Sabtu, 07 Januari 2012

Drug Resistance In Tuberculosis

• Drug Resistant Tuberculosis

Cases of T.B. caused by an isolate of TB resistant to one of the first line anti TB drugs

PDR is defined as resistance to one of the frontline drugs in person with TB who is not known to have previous treatment with ATT

ADR is defined as acquiring increasing level of resistance to one or more drugs in a strain recovered from a patient undergoing ineffective therapy.

TDR is said to have occurred when a single or multi drug resistant strain is recovered from patient who is high risk contact of other individual known to be shedding strain with comparable patterns of drug resistance

MDR defined as resistance to two or more first line drugs. Now usually used when resistance to Rifampicin & INH is seen with or without resistance to other drugs.

Cross Resistance:
Capreomycin & Viomycin
Thiacetazone & Ethionamide

Epidemiology US:
Prevalence decreasing in US b/c of effective measures.
1991 National survey of all TB cases revealed
PDR to 1 or more drugs in 13.4%
PDR to RH in 3.2 % of Isolates
New York highest incidence 33 % of isolates 1 drug
26% to INH
19 % to RH

Epidemiology US:
In 1997 decreased to 10%
INH most common 8%
R 1.7%
S 5.9%
E 1.6%
RH 2.5%

Epidemiology UK:
8.5% of Immigrant Indian subcontinent population with tuberculosis had drug resistance

Epidemiology World Wide:

Epidemiology Local:
• Rifampicin 10/125 8%
• INH 32/184 17.3%
• Ethambutol 11/124 8.8%
• Strep 8/59 13.5%
• Sensitive to all drugs 137/184 74.4%
• Resistant to 1 drug 35/184 19.8%
• Resistant to 2 drugs 9/184 4.8%
• Resistant to 3 drugs 3/184 1.6%

Institue Of Chest Disease Kotri:
16.4 % Pts did not convert to 5 drugs suggesting high prevalence of resistance

At Ash 100 Isolates Of Patients In Relapse / Retreatment Group:
No of resistance cases 60 60%
Resistance to single drug 38 38% 63%
Resistance to two drugs 18 18% 30%
Resistance to three drugs 2 2% 3.3%
Resistance to four drugs 2 2% 3.3 %
INH Resistance 14 28% 46.6%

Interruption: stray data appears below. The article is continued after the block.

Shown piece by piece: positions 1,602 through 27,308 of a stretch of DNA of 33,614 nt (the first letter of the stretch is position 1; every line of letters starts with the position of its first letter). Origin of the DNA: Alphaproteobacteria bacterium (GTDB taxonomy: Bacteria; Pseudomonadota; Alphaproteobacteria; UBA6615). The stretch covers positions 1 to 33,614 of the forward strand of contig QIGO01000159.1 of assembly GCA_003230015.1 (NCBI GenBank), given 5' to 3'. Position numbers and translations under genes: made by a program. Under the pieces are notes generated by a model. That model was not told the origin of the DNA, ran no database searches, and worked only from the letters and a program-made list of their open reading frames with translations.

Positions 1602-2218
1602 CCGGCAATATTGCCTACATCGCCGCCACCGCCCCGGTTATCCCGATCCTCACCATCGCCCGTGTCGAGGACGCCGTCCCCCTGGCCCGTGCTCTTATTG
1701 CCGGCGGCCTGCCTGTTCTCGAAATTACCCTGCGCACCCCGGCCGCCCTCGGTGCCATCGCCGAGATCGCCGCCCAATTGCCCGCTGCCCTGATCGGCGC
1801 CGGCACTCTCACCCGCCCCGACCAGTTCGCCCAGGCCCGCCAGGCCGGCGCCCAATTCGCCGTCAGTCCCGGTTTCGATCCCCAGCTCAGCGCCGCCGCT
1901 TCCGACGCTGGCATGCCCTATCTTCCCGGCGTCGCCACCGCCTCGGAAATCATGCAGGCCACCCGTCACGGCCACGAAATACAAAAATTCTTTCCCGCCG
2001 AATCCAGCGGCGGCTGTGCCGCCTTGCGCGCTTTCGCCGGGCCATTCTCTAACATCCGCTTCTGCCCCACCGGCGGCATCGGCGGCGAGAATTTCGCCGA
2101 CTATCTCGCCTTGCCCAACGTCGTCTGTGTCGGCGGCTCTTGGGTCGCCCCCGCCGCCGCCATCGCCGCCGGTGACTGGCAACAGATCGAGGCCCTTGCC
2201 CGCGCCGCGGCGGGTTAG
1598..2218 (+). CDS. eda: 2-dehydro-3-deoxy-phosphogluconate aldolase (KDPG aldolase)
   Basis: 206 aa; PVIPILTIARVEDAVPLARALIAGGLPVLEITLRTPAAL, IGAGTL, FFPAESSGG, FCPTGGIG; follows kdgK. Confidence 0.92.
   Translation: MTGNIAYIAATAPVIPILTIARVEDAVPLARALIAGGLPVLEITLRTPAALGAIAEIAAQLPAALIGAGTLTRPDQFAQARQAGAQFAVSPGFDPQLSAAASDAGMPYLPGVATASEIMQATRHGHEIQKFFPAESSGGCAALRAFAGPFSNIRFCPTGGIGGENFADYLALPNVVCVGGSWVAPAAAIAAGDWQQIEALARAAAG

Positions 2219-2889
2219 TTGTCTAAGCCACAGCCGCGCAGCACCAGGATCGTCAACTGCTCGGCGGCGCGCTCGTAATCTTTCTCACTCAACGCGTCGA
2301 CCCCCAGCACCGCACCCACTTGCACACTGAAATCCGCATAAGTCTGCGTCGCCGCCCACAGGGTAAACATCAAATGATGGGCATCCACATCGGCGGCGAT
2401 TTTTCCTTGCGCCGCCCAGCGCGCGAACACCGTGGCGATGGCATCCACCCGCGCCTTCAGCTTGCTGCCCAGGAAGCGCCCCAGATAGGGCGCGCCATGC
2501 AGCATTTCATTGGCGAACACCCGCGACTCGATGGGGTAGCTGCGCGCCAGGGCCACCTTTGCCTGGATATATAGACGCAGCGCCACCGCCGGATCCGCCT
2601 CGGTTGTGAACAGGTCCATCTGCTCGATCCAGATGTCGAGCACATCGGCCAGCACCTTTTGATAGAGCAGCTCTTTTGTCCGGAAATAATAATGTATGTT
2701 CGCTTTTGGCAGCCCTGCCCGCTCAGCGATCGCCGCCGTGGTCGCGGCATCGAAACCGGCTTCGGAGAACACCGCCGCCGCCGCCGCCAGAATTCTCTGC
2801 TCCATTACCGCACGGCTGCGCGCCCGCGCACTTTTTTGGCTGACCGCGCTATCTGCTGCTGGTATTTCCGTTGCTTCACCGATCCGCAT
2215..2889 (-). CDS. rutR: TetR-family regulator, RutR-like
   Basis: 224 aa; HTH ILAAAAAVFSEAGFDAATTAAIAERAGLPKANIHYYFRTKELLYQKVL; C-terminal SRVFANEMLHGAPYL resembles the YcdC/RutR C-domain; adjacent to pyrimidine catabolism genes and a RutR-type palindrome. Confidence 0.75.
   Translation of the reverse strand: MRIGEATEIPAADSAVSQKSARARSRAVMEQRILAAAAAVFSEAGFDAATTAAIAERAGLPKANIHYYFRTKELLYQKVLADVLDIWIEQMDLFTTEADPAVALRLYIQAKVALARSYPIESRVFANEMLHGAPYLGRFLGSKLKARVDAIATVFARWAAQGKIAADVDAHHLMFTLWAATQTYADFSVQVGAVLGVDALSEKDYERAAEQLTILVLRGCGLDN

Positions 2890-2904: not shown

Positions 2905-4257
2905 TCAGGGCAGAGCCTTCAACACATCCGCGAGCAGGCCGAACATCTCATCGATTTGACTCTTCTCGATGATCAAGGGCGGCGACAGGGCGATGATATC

Rates of Primary MDR are generally low; median 1.4%
Secondary MDR TB much more common median 13.0%
Highest proportion
Latvia 54%
South Korea 28%
Russia 27.7%

Predisposing Factors:
• Type of bacterial Population
• Insufficient Concentration of Drug
• Patients Drug inactivation status

Patient Factors:
• Contact with resistant case
• Irregular drug intake
• Premature drug stoppage
• Poor absorption (Intestinal TB Excessive vomiting).
• Economic reasons.

Disease Factors:
• In Cavitatory TB
• Drug concentration fluctuates
• Higher no. of bacteria.
• PH Factor
• Thickened Pleura
• Barrier to effective drug penetration

Iatrogenic Factors:
• Treatment with one effective drug
• Inadequate dosage
• Inadequate duration
• Use of cross resistant drugs

Inadequate Prescribing Practice:
• In 1995 25% of new cases of TB were initially treated with 2-3 drugs regimen
• 2 Surveys by AKUH among GP & Interns
• Once resistance develops, prescribing errors, usually by inexperienced physicians can exacerbate situation.
• Review of patients referred to National Jewish Hospital (Denver) for management of complex MDR-TB documented an average of 3.93 prescribing errors per patient.

Erratic Compliance:
• New York study by Brudrey showed that out of 178 patient only 11 % compliant
• Drug often taken erratically and often singly

Nosocomial Transmission:
• In Prisons
• In Hospitals
• In Nursing Homes

HIV Infection is often associated with a high prevalence of drug resistance
• Patient fails to improve
• Patient improves initially but has recurrence of symptoms
• Patient fails to become smear negative
• Patients who have taken treatment previously
• Previously treated patients who have been non compliant.

Implication Of MDR:
• Prolonged hospital stay & Isolation
• Loss of benefit of short course chemotherapy
• High cost of treatment
• Low success rate
• High relapse rate

• Once suspected it is easy to diagnose
• Diagnosis follows same lines as standard TB
• AFB culture and sensitivity should be sent

General Principles
• Isolation to prevent spread of disease prolonged hospital admission.
• D.O.T with effective drugs.
• If already taking treatment add at least two new drugs.
• Adjust treatment according to sensitivities when available.

General Principles
• Never add one drug at a time.
• Treatment to be continued for longer period (12-24 months)
• INH is often useful even if the sensitivities don’t favour it.

Isoniazid Monoresistance:
• Rifamycin, Pyrazinamide and Ethambutol for 6 to 9 months or 4 months after culture conversion.

Rifampicin Monorisestancae:
• Most often seen in HIV positive patients.
• Uncommon but increasingly frequent.
• Because Rifampicin is corner stone of all six months regime, resistance requires prolongation of treatment.

Streptomycin, Isoniazid, Pyrazinamide for 9 months. (12 months for HIV +ve)
• SHE for 3 months followed by HE for 18 months.

Pyrazinamide Monoresistance“
• Requires 9 months of Isoniazid and Rifampicin.

Monoresistance To Other Agents:
• Single drug resistance to Ethambutol, Streptomycin, or second line agents is of little clinical significance.
• Patient can still be treated with 2 RHZ followed by 4 to 6 months of RH.
Suggested Treatment regimens for multidrug resistant tuberculosis
Suggested Treatment regimens for multidrug resistant tuberculosis

Prevention Of MDR:
• Educate the prescriber.
• Educate the patient.
• Availability of drugs.
• Using 4 drugs in initial phase, 3 in continuation & giving treatment for 9 months.
• More frequent use of Microbiology services.
• Drug levels.
• Reference Lab.

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